The endless pursuit of wealth or even just trying to make ends meet can lead people into a negative place that feels near impossible to escape. You may find yourself afraid to spend money or spend most of your money the minute it hits your bank account. While there are certainly emotional components associated with this, the most important of all is the mindset you maintain around how you make and spend money. Let’s take a closer look at that.
What is a Toxic Money Mindset?
Simply put, having a toxic money mindset refers to having bad behaviors with your finances. While a bad relationship with money differs from person to person, it generally means when you experience a sense of powerlessness over money. For some, it could mean impulse buying, lying about how much money they have, among other things. However, toxic money habits can be remedied by recognizing the patterns and forming newer, better habits.
Here’s How You Can Do It
Tapping into the right money mindset can change the way you view your finances. It can help you manage debt, break unhealthy habits, and finally start to build savings that don’t feel like a burden. It’s just a matter of knowing how and where to start.
Here are the four ways to transform your relationship with money
1. Fix How You View Money
Failing to address how your spending and money management impacts your life will ultimately only lead you to more financial pain. People that are bad with money have never taken the time to dissect when and how they developed such habits, so even when they suffer negative consequences, they never get to the root of the issue.
Ask yourself how your concept of money has impacted your beliefs about yourself. Do you see money as something you’re burdened by and forced to earn, or do you see it as a valuable tool that you can use to grow and thrive?
2. Set Small Goals
Wins, regardless of how small they are, can boost your confidence and optimism in the longer run. The key is to set small goals to keep you on track. For example, rather than seeing your total debt balance as a success or failure, set monthly or weekly goals. Gradually, you’ll learn what types of goals work best for you, and your new money mindset will help you not only recover from the past mistakes but start reaching for new financial goals in the future.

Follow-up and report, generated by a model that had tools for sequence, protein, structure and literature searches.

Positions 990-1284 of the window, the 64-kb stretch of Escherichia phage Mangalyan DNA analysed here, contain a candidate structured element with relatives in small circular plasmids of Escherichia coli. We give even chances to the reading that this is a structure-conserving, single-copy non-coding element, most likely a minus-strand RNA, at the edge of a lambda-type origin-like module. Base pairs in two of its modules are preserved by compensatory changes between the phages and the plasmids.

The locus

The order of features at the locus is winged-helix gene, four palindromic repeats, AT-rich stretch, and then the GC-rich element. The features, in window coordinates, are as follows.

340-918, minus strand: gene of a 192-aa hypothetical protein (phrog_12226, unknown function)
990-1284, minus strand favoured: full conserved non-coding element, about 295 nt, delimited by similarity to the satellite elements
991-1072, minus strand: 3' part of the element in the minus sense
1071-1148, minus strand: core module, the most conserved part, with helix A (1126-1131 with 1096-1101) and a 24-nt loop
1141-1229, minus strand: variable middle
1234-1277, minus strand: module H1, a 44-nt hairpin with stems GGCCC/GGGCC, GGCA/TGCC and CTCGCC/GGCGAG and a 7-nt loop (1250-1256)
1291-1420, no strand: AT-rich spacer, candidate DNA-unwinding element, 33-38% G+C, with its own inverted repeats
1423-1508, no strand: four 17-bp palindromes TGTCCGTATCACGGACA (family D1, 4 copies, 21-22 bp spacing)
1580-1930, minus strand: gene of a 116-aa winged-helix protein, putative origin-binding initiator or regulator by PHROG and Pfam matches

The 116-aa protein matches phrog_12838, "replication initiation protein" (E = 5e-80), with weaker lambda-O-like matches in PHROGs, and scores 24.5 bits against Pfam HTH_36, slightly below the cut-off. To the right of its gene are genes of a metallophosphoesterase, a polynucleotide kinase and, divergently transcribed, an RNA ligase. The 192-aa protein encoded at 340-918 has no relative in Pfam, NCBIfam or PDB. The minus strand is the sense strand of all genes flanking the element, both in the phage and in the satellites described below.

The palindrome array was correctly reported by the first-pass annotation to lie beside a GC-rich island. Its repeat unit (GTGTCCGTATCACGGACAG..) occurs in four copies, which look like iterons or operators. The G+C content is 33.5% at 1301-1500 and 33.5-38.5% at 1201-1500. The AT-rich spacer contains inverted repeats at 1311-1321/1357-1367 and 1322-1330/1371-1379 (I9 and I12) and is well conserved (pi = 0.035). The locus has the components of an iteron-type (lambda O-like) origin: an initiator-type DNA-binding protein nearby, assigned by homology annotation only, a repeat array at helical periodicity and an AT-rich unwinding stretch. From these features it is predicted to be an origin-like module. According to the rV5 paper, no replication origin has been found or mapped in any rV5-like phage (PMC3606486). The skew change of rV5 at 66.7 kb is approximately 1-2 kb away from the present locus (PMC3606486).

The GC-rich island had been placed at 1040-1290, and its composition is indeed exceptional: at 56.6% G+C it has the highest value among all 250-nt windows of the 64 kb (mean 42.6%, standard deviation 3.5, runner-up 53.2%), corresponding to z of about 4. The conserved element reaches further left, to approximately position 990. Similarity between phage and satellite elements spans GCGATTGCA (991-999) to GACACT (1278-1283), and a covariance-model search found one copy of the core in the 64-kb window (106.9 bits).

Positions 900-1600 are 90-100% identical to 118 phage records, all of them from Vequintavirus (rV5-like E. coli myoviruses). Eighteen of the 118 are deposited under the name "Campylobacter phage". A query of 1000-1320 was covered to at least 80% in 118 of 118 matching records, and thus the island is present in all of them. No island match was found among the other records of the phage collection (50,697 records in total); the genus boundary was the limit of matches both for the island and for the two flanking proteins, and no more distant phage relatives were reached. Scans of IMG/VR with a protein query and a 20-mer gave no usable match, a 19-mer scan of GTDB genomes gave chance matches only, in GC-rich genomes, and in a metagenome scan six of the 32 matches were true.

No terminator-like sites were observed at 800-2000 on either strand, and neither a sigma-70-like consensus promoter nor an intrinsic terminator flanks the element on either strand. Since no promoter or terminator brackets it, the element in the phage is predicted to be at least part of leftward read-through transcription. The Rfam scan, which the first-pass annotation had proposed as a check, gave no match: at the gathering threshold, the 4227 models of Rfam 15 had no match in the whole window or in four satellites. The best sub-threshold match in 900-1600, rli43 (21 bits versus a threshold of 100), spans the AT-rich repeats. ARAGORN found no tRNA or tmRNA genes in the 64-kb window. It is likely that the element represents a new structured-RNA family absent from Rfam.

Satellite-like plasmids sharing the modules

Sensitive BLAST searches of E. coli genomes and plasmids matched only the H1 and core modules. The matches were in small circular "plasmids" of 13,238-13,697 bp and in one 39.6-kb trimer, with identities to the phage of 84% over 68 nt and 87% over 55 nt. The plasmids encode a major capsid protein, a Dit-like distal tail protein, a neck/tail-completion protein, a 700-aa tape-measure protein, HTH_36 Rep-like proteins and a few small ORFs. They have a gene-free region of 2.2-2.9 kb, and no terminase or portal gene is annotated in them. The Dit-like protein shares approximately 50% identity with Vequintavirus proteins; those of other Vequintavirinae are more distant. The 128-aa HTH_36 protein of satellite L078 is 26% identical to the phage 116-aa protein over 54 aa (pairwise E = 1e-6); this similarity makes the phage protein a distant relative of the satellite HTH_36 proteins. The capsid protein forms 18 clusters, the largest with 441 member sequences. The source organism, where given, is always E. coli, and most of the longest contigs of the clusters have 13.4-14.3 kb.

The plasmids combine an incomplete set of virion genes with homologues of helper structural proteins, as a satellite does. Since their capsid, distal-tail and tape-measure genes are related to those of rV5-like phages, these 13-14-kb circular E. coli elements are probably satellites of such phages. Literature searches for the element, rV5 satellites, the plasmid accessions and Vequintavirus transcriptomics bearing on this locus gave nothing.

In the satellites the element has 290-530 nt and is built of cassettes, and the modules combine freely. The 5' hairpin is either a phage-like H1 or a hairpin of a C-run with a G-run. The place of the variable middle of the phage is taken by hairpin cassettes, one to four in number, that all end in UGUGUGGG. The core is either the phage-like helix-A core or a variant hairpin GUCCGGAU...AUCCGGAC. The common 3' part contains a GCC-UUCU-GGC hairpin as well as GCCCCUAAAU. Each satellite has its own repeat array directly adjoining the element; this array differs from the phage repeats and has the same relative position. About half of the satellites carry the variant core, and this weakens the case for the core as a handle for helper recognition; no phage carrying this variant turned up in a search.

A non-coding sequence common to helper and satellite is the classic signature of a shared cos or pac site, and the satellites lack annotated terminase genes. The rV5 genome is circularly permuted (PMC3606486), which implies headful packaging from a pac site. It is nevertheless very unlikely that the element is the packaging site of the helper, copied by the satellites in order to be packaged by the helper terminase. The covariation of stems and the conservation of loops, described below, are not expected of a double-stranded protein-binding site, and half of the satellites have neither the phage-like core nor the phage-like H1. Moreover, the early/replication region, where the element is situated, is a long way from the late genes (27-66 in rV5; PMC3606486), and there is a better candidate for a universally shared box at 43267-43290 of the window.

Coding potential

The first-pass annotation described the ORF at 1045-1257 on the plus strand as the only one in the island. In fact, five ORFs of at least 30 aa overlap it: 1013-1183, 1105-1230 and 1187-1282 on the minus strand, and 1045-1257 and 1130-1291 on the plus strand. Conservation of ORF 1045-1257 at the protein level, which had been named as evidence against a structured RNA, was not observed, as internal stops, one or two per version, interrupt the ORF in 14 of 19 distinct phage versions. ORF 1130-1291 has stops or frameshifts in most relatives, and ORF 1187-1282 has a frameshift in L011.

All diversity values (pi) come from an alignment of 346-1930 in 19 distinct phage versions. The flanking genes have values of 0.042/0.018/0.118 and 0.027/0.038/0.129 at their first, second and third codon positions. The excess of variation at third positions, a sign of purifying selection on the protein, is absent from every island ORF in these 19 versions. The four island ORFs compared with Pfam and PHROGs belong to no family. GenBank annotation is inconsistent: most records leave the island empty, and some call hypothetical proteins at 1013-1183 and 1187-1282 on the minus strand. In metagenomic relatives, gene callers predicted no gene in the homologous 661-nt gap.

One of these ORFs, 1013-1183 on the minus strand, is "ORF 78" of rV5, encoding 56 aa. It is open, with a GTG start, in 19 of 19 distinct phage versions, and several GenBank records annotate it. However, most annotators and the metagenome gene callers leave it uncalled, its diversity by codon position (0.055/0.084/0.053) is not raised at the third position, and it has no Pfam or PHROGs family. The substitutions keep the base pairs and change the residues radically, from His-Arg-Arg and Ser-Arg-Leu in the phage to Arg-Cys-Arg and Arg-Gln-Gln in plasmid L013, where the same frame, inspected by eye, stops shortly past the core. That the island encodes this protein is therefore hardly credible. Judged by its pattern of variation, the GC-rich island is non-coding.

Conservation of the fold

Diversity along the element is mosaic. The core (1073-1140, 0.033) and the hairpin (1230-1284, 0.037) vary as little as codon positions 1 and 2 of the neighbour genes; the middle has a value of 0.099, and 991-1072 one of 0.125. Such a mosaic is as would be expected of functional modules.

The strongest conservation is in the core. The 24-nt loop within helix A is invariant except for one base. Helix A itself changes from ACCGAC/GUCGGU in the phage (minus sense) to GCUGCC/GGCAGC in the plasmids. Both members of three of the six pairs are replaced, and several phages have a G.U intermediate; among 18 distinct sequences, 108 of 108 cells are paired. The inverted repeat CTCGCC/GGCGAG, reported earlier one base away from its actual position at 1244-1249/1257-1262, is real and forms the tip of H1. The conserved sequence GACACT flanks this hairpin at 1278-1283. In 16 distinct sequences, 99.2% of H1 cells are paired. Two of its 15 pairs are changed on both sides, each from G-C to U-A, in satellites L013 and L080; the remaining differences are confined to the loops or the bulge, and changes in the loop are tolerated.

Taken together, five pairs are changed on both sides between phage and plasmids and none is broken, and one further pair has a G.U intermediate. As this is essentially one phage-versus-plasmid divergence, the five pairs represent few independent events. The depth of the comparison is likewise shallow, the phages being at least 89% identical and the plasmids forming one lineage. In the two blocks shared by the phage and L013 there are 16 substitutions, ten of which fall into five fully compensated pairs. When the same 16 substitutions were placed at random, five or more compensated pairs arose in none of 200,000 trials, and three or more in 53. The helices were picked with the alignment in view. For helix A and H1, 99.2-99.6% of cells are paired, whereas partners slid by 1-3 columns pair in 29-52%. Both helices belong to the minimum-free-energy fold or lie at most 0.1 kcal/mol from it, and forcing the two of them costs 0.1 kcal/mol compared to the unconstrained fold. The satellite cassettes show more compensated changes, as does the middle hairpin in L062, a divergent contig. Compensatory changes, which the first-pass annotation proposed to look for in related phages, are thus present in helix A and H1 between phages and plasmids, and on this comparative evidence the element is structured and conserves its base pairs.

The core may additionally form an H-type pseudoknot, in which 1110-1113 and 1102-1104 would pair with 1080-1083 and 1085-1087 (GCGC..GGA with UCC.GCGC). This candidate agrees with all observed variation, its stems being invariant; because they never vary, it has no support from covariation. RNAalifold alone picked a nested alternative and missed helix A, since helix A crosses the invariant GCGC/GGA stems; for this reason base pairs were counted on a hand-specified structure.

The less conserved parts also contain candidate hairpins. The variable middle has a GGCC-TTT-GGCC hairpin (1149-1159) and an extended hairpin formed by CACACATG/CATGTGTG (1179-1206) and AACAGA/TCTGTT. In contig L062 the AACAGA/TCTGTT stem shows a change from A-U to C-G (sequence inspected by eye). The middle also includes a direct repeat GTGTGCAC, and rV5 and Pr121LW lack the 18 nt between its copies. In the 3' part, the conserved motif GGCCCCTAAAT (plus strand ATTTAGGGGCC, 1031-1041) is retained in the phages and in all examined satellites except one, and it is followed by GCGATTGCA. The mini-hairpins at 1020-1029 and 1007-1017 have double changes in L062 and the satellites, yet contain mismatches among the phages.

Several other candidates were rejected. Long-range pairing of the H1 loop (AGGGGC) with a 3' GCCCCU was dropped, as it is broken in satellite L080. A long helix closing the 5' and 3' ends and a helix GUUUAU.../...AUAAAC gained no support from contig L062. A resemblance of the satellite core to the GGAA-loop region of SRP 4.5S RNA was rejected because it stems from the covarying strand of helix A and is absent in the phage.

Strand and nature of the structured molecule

3. Curb Emotional Spending
Since money represents power, it’s no surprise that many use it to ease their pain and regain a sense of control when life throws a few curveballs. If you have a tendency of making last-minute emotional purchases, you’re not the only one. Whether it’s nervousness, excitement, or anxiety, one thing is for certain; there is a big emotional load attached to money.
The first step to curbing impulse shopping is understanding what exactly drives you to spend. Pinpoint the moods or things that tempt you to make unplanned purchases. To get a better grip, consider taking steps like sticking to an overall monthly budget that will force you to save (and invest) a certain amount each month or delete your favorite shopping app and unsubscribe from shopping email newsletters. Every step towards your goals is a step in the right direction.
4. Abundance Mindset
Most of our anxieties result from the belief that we don’t have enough of anything, especially in comparison to others. It leads us to criticize those who are successful in life. Having such views is self-damaging. Shift your focus on the good things in life, and you’ll feel like life is getting back on track. Instead of believing that you don’t have enough, adopt an ‘abundance’ mindset. The abundance mindset is all about believing that your life will turn out as you planned if you are following the right steps. If not as you planned, then close enough.
Apart from this, take simple steps to practice gratitude. For instance, write down five things daily for which you’re grateful. It will take your mind off the anxieties surrounding you and help you focus on the good things in life.
Getting rid of bad money mindsets will free you from attitudes and feelings holding back your financial success. In the end, it’s not about how much money you make. It’s what your attitude toward that money is and how you spend or save it.